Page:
2.3 Lim Law1 - S E C T I O N 2 . 3 C A L C U L AT I N G L I...

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Unformatted text preview: S E C T I O N 2 . 3 C A L C U L AT I N G L I M I T S U S I N G T H E L I M I T L AW S |||| 99 37. (a) Evaluate the function f x x2 2 x 1000 for x 1, 0.8, 0.6, 0.4, 0.2, 0.1, and 0.05, and guess the value of lim x 2 2x 1000 the origin several times. Comment on the behavior of this function. 40. In the theory of relativity, the mass of a particle with velocity v is xl0 (b) Evaluate f x for x 0.001. Guess again. 38. (a) Evaluate h x 0.04, 0.02, 0.01, 0.005, 0.003, and x x 3 for x 1, 0.5, 0.1, 0.05, m m0 s1 v2 c2 tan x ; tan x x . x3 (c) Evaluate h x for successively smaller values of x until you finally reach a value of 0 for h x . Are you still confident that your guess in part (b) is correct? Explain why you eventually obtained a value of 0. (In Section 4.4 a method for evaluating the limit will be explained.) (d) Graph the function h in the viewing rectangle 1, 1 by 0, 1 . Then zoom in toward the point where the graph crosses the y-axis to estimate the limit of h x as x approaches 0. Continue to zoom in until you observe distortions in the graph of h. Compare with the results of part (c). (b) Guess the value of lim xl0 0.01, and 0.005. where m 0 is the mass of the particle at rest and c is the speed of light. What happens as v l c ? ; 41. Use a graph to estimate the equations of all the vertical asymptotes of the curve y tan 2 sin x x Then find the exact equations of these asymptotes. ; 42. (a) Use numerical and graphical evidence to guess the value of the limit lim x3 sx 1 1 xl1 ; 39. Graph the function f x viewing rectangle sin x of Example 4 in the 1, 1 by 1, 1 . Then zoom in toward (b) How close to 1 does x have to be to ensure that the function in part (a) is within a distance 0.5 of its limit? 2.3 C A L C U L AT I N G L I M I T S U S I N G T H E L I M I T L AW S In Section 2.2 we used calculators and graphs to guess the values of limits, but we saw that such methods don’t always lead to the correct answer. In this section we use the following properties of limits, called the Limit Laws, to calculate limits. LIMIT LAWS Suppose that c is a constant and the limits xla lim f x and xla lim t x exist. Then 1. lim f x xla tx tx xla xla lim f x xla lim t x 2. lim f x xla xla lim f x xla lim t x 3. lim c f x xla c lim f x xla 4. lim f x t x xla lim f x xla lim t x 5. lim xla fx tx xla lim f x xla lim t x if lim t x xla 0 100 |||| C H A P T E R 2 L I M I T S A N D D E R I VAT I V E S These five laws can be stated verbally as follows: S U M L AW D I F F E R E N C E L AW CONSTANT MULTIPLE LAW P R O D U C T L AW QUOTIENT LAW 1. The limit of a sum is the sum of the limits. 2. The limit of a difference is the difference of the limits. 3. The limit of a constant times a function is the constant times the limit of the function. 4. The limit of a product is the product of the limits. 5. The limit of a quotient is the quotient of the limits (provided that the limit of the denominator is not 0). It is easy to believe that these properties are true. For instance, if f x is close to L and t x is close to M, it is reasonable to conclude that f x t x is close to L M. This gives us an intuitive basis for believing that Law 1 is true. In Section 2.4 we give a precise definition of a limit and use it to prove this law. The proofs of the remaining laws are given in Appendix F. y 1 0 1 f x EXAMPLE 1 Use the Limit Laws and the graphs of f and t in Figure 1 to evaluate the following limits, if they exist. fx (a) lim f x (b) lim f x t x (c) lim 5t x xl 2 xl1 xl2 t x g SOLUTION (a) From the graphs of f and t we see that xl 2 FIGURE 1 lim f x 1 and xl 2 lim t x 1 Therefore, we have xl 2 lim fx 5t x xl 2 lim f x lim f x 5 1 xl 2 lim 5t x xl 2 (by Law 1) (by Law 3) xl 2 5 lim t x 4 1 (b) We see that lim x l 1 f x right limits are different: xl1 2. But lim x l 1 t x does not exist because the left and 2 lim t x 1 lim t x xl1 So we can’t use Law 4 for the desired limit. But we can use Law 4 for the one-sided limits: xl1 lim f xtx 2 2 4 xl1 lim f xtx 2 1 2 The left and right limits aren’t equal, so lim x l 1 f x t x does not exist. (c) The graphs show that xl2 lim f x 1.4 and xl2 lim t x 0 Because the limit of the denominator is 0, we can’t use Law 5. The given limit does not exist because the denominator approaches 0 while the numerator approaches a nonzero number. M S E C T I O N 2 . 3 C A L C U L AT I N G L I M I T S U S I N G T H E L I M I T L AW S |||| 101 If we use the Product Law repeatedly with t x POWER LAW 6. lim f x x la f x , we obtain the following law. n [ lim f x ] x la n where n is a positive integer In applying these six limit laws, we need to use two special limits: 7. lim c xla c 8. lim x xla a These limits are obvious from an intuitive point of view (state them in words or draw graphs of y c and y x), but proofs based on the precise definition are requested in the exercises for Section 2.4. If we now put f x x in Law 6 and use Law 8, we get another useful special limit. 9. lim x n xla an where n is a positive integer A similar limit holds for roots as follows. (For square roots the proof is outlined in Exercise 37 in Section 2.4.) n 10. lim sx n sa xla where n is a positive integer 0.) (If n is even, we assume that a More generally, we have the following law, which is proved as a consequence of Law 10 in Section 2.5. n 11. lim sf x) ROOT LAW x la s lim f x la n x) where n is a positive integer x la [If n is even, we assume that lim f x 0. EXAMPLE 2 Evaluate the following limits and justify each step. (a) lim 2 x 2 x l5 3x 4 (b) lim x3 xl 2 2x 2 1 5 3x lim 4 x l5 SOLUTION (a) lim 2 x 2 x l5 3x 4 lim 2 x 2 x l5 lim 3x x l5 (by Laws 2 and 1) (by 3) (by 9, 8, and 7) 2 lim x 2 x l5 3 lim x x l5 lim 4 x l5 2 52 39 35 4 102 |||| C H A P T E R 2 L I M I T S A N D D E R I VAT I V E S N E W TO N A N D L I M I T S Isaac Newton was born on Christmas Day in 1642, the year of Galileo’s death. When he entered Cambridge University in 1661 Newton didn’t know much mathematics, but he learned quickly by reading Euclid and Descartes and by attending the lectures of Isaac Barrow. Cambridge was closed because of the plague in 1665 and 1666, and Newton returned home to reflect on what he had learned. Those two years were amazingly productive for at that time he made four of his major discoveries: (1) his representation of functions as sums of infinite series, including the binomial theorem; (2) his work on differential and integral calculus; (3) his laws of motion and law of universal gravitation; and (4) his prism experiments on the nature of light and color. Because of a fear of controversy and criticism, he was reluctant to publish his discoveries and it wasn’t until 1687, at the urging of the astronomer Halley, that Newton published Principia Mathematica. In this work, the greatest scientific treatise ever written, Newton set forth his version of calculus and used it to investigate mechanics, fluid dynamics, and wave motion, and to explain the motion of planets and comets. The beginnings of calculus are found in the calculations of areas and volumes by ancient Greek scholars such as Eudoxus and Archimedes. Although aspects of the idea of a limit are implicit in their “method of exhaustion,” Eudoxus and Archimedes never explicitly formulated the concept of a limit. Likewise, mathematicians such as Cavalieri, Fermat, and Barrow, the immediate precursors of Newton in the development of calculus, did not actually use limits. It was Isaac Newton who was the first to talk explicitly about limits. He explained that the main idea behind limits is that quantities “approach nearer than by any given difference.” Newton stated that the limit was the basic concept in calculus, but it was left to later mathematicians like Cauchy to clarify his ideas about limits. (b) We start by using Law 5, but its use is fully justified only at the final stage when we see that the limits of the numerator and denominator exist and the limit of the denominator is not 0. lim x 3 2 x 2 1 x 3 2x 2 1 xl 2 (by Law 5) lim xl 2 5 3x lim 5 3x xl 2 xl 2 lim x 3 xl 2 2 lim x 2 xl 2 xl 2 xl 2 lim 1 (by 1, 2, and 3) lim 5 3 lim x 1 2 1 11 N OT E 3 5 2 22 32 (by 9, 8, and 7) M If we let f x 2 x 2 3x 4, then f 5 39. In other words, we would have gotten the correct answer in Example 2(a) by substituting 5 for x. Similarly, direct substitution provides the correct answer in part (b). The functions in Example 2 are a polynomial and a rational function, respectively, and similar use of the Limit Laws proves that direct substitution always works for such functions (see Exercises 53 and 54). We state this fact as follows. DIRECT SUBSTITUTION PROPERTY If f is a polynomial or a rational function and a is in the domain of f , then xla lim f x fa Functions with the Direct Substitution Property are called continuous at a and will be studied in Section 2.5. However, not all limits can be evaluated by direct substitution, as the following examples show. EXAMPLE 3 Find lim xl1 x2 x 1 . 1 S O L U T I O N Let f x x 2 1 x 1 . We can’t find the limit by substituting x 1 because f 1 isn’t defined. Nor can we apply the Quotient Law, because the limit of the denominator is 0. Instead, we need to do some preliminary algebra. We factor the numerator as a difference of squares: x2 x 1 1 x 1x x1 1 The numerator and denominator have a common factor of x 1. When we take the limit as x approaches 1, we have x 1 and so x 1 0. Therefore we can cancel the common factor and compute the limit as follows: lim x2 x 1 1 lim x 1x x1 1 lim x 1 1 1 2 xl1 xl1 xl1 The limit in this example arose in Section 2.1 when we were trying to find the tangent to the parabola y x 2 at the point 1, 1 . M N OT E fx In Example 3 we were able to compute the limit by replacing the given function x 2 1 x 1 by a simpler function, t x x 1, with the same limit. This is S E C T I O N 2 . 3 C A L C U L AT I N G L I M I T S U S I N G T H E L I M I T L AW S |||| 103 y 3 2 1 0 y 3 2 1 0 1 2 3 x 1 2 3 x y=ƒ valid because f x t x except when x 1, and in computing a limit as x approaches 1 we don’t consider what happens when x is actually equal to 1. In general, we have the following useful fact. If f x t x when x a, then lim f x xla xla lim t x , provided the limits exist. EXAMPLE 4 Find lim t x where x l1 y=© tx S O L U T I O N Here t is defined at x x 1 if x if x 1 1 , but the value of a limit as x approaches 1 and t 1 1 does not depend on the value of the function at 1. Since t x x 1 for x 1, we have M lim t x lim x 1 2 xl1 xl1 The graphs of the functions f (from Example 3) and g (from Example 4) FIGURE 2 x Note that the values of the functions in Examples 3 and 4 are identical except when 1 (see Figure 2) and so they have the same limit as x approaches 1. Evaluate lim 3 h2 h 9 . 3 h2 h 9 0 since F 0 is V EXAMPLE 5 hl0 S O L U T I O N If we define Fh then, as in Example 3, we can’t compute lim h l 0 F h by letting h undefined. But if we simplify F h algebraically, we find that Fh 9 6h h 3 h2 h 3 . 9 h2 9 6h h h2 6 h (Recall that we consider only h hl0 0 when letting h approach 0.) Thus hl0 lim lim 6 h 6 M EXAMPLE 6 Find lim tl0 st 2 9 t2 S O L U T I O N We can’t apply the Quotient Law immediately, since the limit of the denomi- nator is 0. Here the preliminary algebra consists of rationalizing the numerator: lim tl0 st 2 9 t 2 3 lim tl0 st 2 9 t 2 3 st 2 st 2 9 3) 9 9 lim tl0 2 3 3 t (st 1 9 t2 2 lim tl0 t2 9 t (st 2 9 2 9 3 3) 1 3 3 1 6 M lim tl0 st 2 1 9 3 s lim t 2 tl0 This calculation confirms the guess that we made in Example 2 in Section 2.2. 104 |||| C H A P T E R 2 L I M I T S A N D D E R I VAT I V E S Some limits are best calculated by first finding the left- and right-hand limits. The following theorem is a reminder of what we discovered in Section 2.2. It says that a two-sided limit exists if and only if both of the one-sided limits exist and are equal. 1 THEOREM xla lim f x L if and only if x la lim f x L x la lim f x When computing one-sided limits, we use the fact that the Limit Laws also hold for one-sided limits. N The result of Example 7 looks plausible from Figure 3. y EXAMPLE 7 Show that lim x xl0 0. S O L U T I O N Recall that y=| x | x Since x x for x 0, we have x l0 x if x x if x 0 0 0 x lim x x l0 lim x 0 FIGURE 3 For x 0 we have x x and so xl0 lim x xl0 lim x 0 Therefore, by Theorem 1, xl0 lim x 0 M V EXAMPLE 8 y 1 0 x Prove that lim lim lim xl0 x does not exist. x x x x x lim lim x x x x lim 1 lim 1 1 1 |x| y= x SOLUTION x l0 x l0 x l0 _1 x l0 x l0 x l0 FIGURE 4 Since the right- and left-hand limits are different, it follows from Theorem 1 that lim x l 0 x x does not exist. The graph of the function f x x x is shown in Figure 4 and supports the one-sided limits that we found. EXAMPLE 9 If M fx determine whether lim x l 4 f x exists. S O L U T I O N Since f x N sx 4 8 2x if x if x 4 4 It is shown in Example 3 in Section 2.4 that lim x l 0 sx sx x l4 4 for x x l4 4, we have lim s x 4 s4 4 0 0. lim f x S E C T I O N 2 . 3 C A L C U L AT I N G L I M I T S U S I N G T H E L I M I T L AW S |||| 105 y Since f x 8 2 x for x x l4 4, we have x l4 lim f x lim 8 2x 8 24 0 0 4 x The right- and left-hand limits are equal. Thus the limit exists and xl4 FIGURE 5 lim f x 0 M The graph of f is shown in Figure 5. Other notations for x are x and x . The greatest integer function is sometimes called the floor function. N EXAMPLE 10 The greatest integer function is defined by x y 4 3 2 1 0 1 2 3 4 5 x that is less than or equal to x. (For instance, 4 4, 4.8 1 1.) Show that lim x l 3 x does not exist. 2 for 3 x 4, we have x l3 4, the largest integer 3, s2 1, 3 S O L U T I O N The graph of the greatest integer function is shown in Figure 6. Since x y=[ x ] lim x x l3 lim 3 3 Since x 2 for 2 x 3, we have x l3 lim x x l3 lim 2 2 M FIGURE 6 Because these one-sided limits are not equal, lim x l 3 x does not exist by Theorem 1. Greatest integer function The next two theorems give two additional properties of limits. Their proofs can be found in Appendix F. 2 THEOREM If f x t x when x is near a (except possibly at a) and the limits of f and t both exist as x approaches a, then xla lim f x xla lim t x 3 THE SQUEEZE THEOREM If f x possibly at a) and y tx h x when x is near a (except L h g xla lim f x xla lim h x L L then xla lim t x f 0 a x FIGURE 7 The Squeeze Theorem, which is sometimes called the Sandwich Theorem or the Pinching Theorem, is illustrated by Figure 7. It says that if t x is squeezed between f x and h x near a, and if f and h have the same limit L at a, then t is forced to have the same limit L at a. 106 |||| C H A P T E R 2 L I M I T S A N D D E R I VAT I V E S V EXAMPLE 11 Show that lim x 2 sin xl0 1 x 0. S O L U T I O N First note that we cannot use | xl0 lim x 2 sin 1 x xl0 lim x 2 lim sin xl0 1 x because lim x l 0 sin 1 x does not exist (see Example 4 in Section 2.2). However, since 1 y sin 1 x 1 y=≈ we have, as illustrated by Figure 8, x2 x 2 sin 1 x lim x2 0 x We know that xl0 lim x 2 0 and xl0 x2 0 y=_ ≈ FIGURE 8 Taking f x obtain x 2, t x x 2 sin 1 x , and h x lim x 2 sin 1 x x 2 in the Squeeze Theorem, we 0 M y=≈ sin(1/x) xl0 2.3 EXERCISES (c) lim f x t x 2 xl2 1. Given that xl2 lim f x 4 xl2 lim t x lim h x 0 x l0 (d) lim xl 1 fx tx fx (e) lim x 3f x x l2 3 ( f ) lim s3 x l1 find the limits that exist. If the limit does not exist, explain why. (a) lim f x xl2 5t x (b) lim t x xl2 3 – 9 Evaluate the limit and justify each step by indicating the (c) lim sf x xl2 (d) lim xl2 3f x tx txhx fx appropriate Limit Law(s). 3. lim 3x 4 xl 2 2x 2 3 sx ) 2 x 6x 2 3 1 x3 4. lim x l2 2x 2 1 x 6x 4 2 (e) lim x l2 tx hx ( f ) lim xl2 5. lim (1 xl8 6. lim t 2 tl 1 1 3 t 3 5 2. The graphs of f and t are given. Use them to evaluate each limit, if it exists. If the limit does not exist, explain why. y y 7. lim x l1 1 1 3x 4 x 2 3x 4 x2 8. lim su 4 ul 2 3u 6 y=ƒ 1 1 x y=© 0 1 1 x 9. lim s16 x l4 10. (a) What is wrong with the following equation? x2 (a) lim f x x l2 x x 2 6 tx (b) lim f x x l1 tx x 3 S E C T I O N 2 . 3 C A L C U L AT I N G L I M I T S U S I N G T H E L I M I T L AW S |||| 107 (b) In view of part (a), explain why the equation lim x l2 x2 x x 2 6 functions f x the same screen. x 2, t x x 2 cos 20 x, and h x x 2 on lim x x l2 3 is correct. 11– 30 Evaluate the limit, if it exists. 11. lim x l2 ; 34. Use the Squeeze Theorem to show that lim sx 3 x l0 x 2 sin x 0 x2 x x 2 x 2 x x t2 2 6 6 9 7t 3 16 12. lim 14. lim xl 4 x2 x2 x2 x2 x2 x 2 5x 3x 4 4 Illustrate by graphing the functions f, t, and h (in the notation of the Squeeze Theorem) on the same screen. 35. If 4 x 36. If 2 x 13. lim x l2 xl4 4x 3x 4 4x 3x 4 9 tx fx x4 x2 x2 2 x x 4x 7 for x 0, find lim x l 4 f x . 2 for all x, evaluate lim x l 1 t x . 0. 0. 15. lim 17. lim tl 3 2t 4 2 16. lim 18. lim x l1 37. Prove that lim x 4 cos x l0 xl 1 hl0 h2 h 2 8 x3 x2 2 s1 x2 1 1 h3 h h h 2x x4 1 1 t2 h h 5 1 38. Prove that lim sx e sin x l0 39 – 44 Find the limit, if it exists. If the limit does not exist, x 19. lim 3 xl 2 x 20. lim 8 1 1 explain why. 39. lim (2 x xl3 h l0 9t 21. lim tl9 3 st 23. lim x l7 x 2x 2x 3 3 1 x2 1 x ) 40. lim 22. lim xl 6 2x x 2 2 1 x 12 6 x x 1 x h l0 sx 2 x 7 1 x x 3 24. lim 41. lim x l 0.5 42. lim xl 2 xl 1 1 4 25. lim xl 4 4 27. lim 29. lim tl0 26. lim tl0 1 t 3 43. lim x l0 1 x 44. lim x l0 t 3 1 x l 16 4 sx 16 x x 2 1 t s1 t 1 t 28. lim 45. The signum (or sign) function, denoted by sgn, is defined by hl0 sx 2 9 30. lim xl 4 x4 sgn x 1 0 1 if x if x if x 0 0 0 ; 31. (a) Estimate the value of lim x l0 x (s1 3x 1). by graphing the function f x (b) Make a table of values of f x for x close to 0 and guess the value of the limit. (c) Use the Limit Laws to prove that your guess is correct. s1 x 3x 1 (a) Sketch the graph of this function. (b) Find each of the following limits or explain why it does not exist. (i) lim sgn x (ii) lim sgn x x l0 x l0 (iii) lim sgn x xl0 (iv) lim sgn x xl0 46. Let ; 32. (a) Use a graph of fx fx s3 x x s3 4 x x2 1 if x if x 2 2 to estimate the value of lim x l 0 f x to two decimal places. (b) Use a table of values of f x to estimate the limit to four decimal places. (c) Use the Limit Laws to find the exact value of the limit. (a) Find lim x l 2 f x and lim x l 2 f x . (b) Does lim x l 2 f x exist? (c) Sketch the graph of f . 47. Let F x x2 x 1 . 1 (ii) lim F x x l1 (a) Find (i) lim F x x l1 ; 33. Use the Squeeze Theorem to show that lim x l 0 x 2 cos 20 x 0. Illustrate by graphing the 108 |||| C H A P T E R 2 L I M I T S A N D D E R I VAT I V E S (b) Does lim x l 1 F x exist? (c) Sketch the graph of F. 48. Let 55. If lim xl1 fx x fx x2 8 1 10, find lim f x . xl1 56. If lim xl0 5, find the following limits. (b) lim xl0 tx x 3 2 x x2 3 if if if if x x 1 x 1 1 x 2 (a) lim f x xl0 fx x 2 57. If (a) Evaluate each of the following limits, if it exists. (i) lim t x (ii) lim t x (iii) t 1 xl1 xl2 xl1 xl2 fx prove that lim x l 0 f x x2 0 0. if x is rational if x is irrational (iv) lim t x (b) Sketch the graph of t. 49. (a) If the symbol xl 2 (v) lim t x (vi) lim t x xl2 58. Show by means of an example that lim x l a f x denotes the greatest integer function defined in Example 10, evaluate (i) lim x (ii) lim x (iii) lim x xl 2 x l 2.4 t x may exist even though neither limx l a f x nor limx l a t x exists. exist even though neither lim x l a f x nor limx l a t x exists. xl2 59. Show by means of an example that limx l a f x t x may (b) If n is an integer, evaluate (i) lim x (ii) lim x x ln xln 60. Evaluate lim (c) For what values of a does lim x l a x exist? 50. Let f x s6 s3 x x 2 . 1 cos x , x . (a) Sketch the graph of f. (b) Evaluate each limit, if it exists. (i) lim f x (ii) lim xl0 xl 61. Is there a number a such that xl 2 lim 3x 2 x2 ax a 3 x2 2 fx exists? If so, find the value of a and the value of the limit. 62. The figure shows a fixed circle C1 with equation (iii) xl lim 2 fx (iv) lim f x xl 2 (c) For what values of a does lim x l a f x exist? 51. If f x x equal to f 2 . x , show that lim x l 2 f x exists but is not 52. In the theory of relativity, the Lorentz contraction formula x 1 2 y 2 1 and a shrinking circle C2 with radius r and center the origin. P is the point 0, r , Q is the upper point of intersection of the two circles, and R is the point of intersection of the line PQ and the x-axis. What happens to R as C2 shrinks, that is, as r l 0 ? y L L 0 s1 v2 c2 expresses the length L of an object as a function of its velocity v with respect to an observer, where L 0 is the length of the object at rest and c is the speed of light. Find lim v l c L and interpret the result. Why is a left-hand limit necessary? 53. If p is a polynomial, show that lim xl a p x P C™ 0 Q pa. C¡ R x 54. If r is a rational function, use Exercise 53 to show that lim x l a r x r a for every number a in the domain of r. ...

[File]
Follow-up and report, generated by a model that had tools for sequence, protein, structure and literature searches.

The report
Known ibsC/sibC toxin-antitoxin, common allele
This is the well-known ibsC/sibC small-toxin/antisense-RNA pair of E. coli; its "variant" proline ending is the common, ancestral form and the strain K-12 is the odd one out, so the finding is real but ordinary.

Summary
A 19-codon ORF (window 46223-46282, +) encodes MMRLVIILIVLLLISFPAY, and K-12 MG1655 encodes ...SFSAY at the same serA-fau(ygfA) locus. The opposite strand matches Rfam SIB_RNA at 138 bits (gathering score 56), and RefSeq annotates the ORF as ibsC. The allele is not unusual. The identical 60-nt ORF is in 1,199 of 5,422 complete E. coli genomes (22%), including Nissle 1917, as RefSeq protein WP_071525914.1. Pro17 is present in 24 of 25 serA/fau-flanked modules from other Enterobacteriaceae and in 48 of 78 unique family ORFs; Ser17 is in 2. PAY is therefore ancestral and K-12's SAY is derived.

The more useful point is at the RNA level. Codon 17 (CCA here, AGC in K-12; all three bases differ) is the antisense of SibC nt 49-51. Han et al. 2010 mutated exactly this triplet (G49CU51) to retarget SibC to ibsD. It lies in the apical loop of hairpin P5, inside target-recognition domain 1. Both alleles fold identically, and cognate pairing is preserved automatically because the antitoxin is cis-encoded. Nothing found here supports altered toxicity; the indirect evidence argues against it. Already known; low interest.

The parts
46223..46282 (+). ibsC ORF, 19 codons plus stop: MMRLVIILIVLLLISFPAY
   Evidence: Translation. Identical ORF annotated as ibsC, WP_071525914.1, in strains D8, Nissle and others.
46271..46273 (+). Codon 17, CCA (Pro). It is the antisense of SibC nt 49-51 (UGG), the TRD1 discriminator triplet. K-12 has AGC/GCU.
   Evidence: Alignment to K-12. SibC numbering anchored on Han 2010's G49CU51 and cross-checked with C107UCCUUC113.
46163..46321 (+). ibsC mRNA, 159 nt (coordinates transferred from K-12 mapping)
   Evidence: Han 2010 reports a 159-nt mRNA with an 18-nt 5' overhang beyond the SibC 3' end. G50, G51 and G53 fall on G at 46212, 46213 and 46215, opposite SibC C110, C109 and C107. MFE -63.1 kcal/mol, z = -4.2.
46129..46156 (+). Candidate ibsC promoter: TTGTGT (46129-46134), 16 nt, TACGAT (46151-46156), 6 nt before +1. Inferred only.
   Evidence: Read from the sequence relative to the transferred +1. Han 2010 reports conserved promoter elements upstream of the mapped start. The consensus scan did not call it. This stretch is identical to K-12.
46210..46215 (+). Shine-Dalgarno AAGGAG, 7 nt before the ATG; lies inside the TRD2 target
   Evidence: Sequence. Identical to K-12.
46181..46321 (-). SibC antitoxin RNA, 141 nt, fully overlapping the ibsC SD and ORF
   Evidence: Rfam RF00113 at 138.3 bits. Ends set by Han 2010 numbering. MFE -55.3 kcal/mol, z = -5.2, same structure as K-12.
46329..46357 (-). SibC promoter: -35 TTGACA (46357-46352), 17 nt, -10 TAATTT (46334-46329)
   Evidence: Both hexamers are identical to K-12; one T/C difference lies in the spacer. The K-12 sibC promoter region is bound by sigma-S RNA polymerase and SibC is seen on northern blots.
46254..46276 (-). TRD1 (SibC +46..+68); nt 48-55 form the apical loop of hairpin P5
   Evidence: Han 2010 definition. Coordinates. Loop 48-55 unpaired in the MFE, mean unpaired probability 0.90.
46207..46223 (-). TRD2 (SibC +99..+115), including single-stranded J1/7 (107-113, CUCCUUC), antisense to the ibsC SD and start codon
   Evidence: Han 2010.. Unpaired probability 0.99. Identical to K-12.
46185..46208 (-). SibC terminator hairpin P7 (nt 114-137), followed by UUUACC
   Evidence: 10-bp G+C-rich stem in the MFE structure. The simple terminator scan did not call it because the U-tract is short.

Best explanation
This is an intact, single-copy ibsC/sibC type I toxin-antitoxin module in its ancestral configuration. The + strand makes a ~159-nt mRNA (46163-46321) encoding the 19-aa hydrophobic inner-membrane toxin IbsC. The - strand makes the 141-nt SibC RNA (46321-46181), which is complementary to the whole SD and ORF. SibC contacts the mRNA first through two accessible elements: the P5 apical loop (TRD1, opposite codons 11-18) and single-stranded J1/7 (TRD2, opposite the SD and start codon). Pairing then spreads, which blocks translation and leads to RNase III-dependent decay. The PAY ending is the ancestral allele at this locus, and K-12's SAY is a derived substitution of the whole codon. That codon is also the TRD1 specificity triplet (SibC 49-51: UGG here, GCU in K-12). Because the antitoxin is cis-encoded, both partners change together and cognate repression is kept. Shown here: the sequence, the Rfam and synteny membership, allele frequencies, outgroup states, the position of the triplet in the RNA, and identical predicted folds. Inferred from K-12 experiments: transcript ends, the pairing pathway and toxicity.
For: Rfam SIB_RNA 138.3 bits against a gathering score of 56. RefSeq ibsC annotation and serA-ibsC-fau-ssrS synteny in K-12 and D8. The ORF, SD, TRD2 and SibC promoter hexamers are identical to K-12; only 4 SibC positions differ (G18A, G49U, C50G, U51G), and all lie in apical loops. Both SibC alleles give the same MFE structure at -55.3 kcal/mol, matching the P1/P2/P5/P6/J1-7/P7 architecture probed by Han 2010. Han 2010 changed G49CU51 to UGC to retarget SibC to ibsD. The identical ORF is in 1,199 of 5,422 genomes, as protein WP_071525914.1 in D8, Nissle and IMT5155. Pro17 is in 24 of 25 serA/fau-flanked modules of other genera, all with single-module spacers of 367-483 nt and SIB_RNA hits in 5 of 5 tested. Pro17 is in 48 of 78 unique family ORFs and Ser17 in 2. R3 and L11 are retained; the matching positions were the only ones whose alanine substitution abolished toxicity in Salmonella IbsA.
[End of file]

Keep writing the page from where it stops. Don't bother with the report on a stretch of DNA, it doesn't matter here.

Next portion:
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This note was uploaded on 12/16/2009 for the course MATH 1014 taught by Professor Ganong during the Spring '09 term at York University.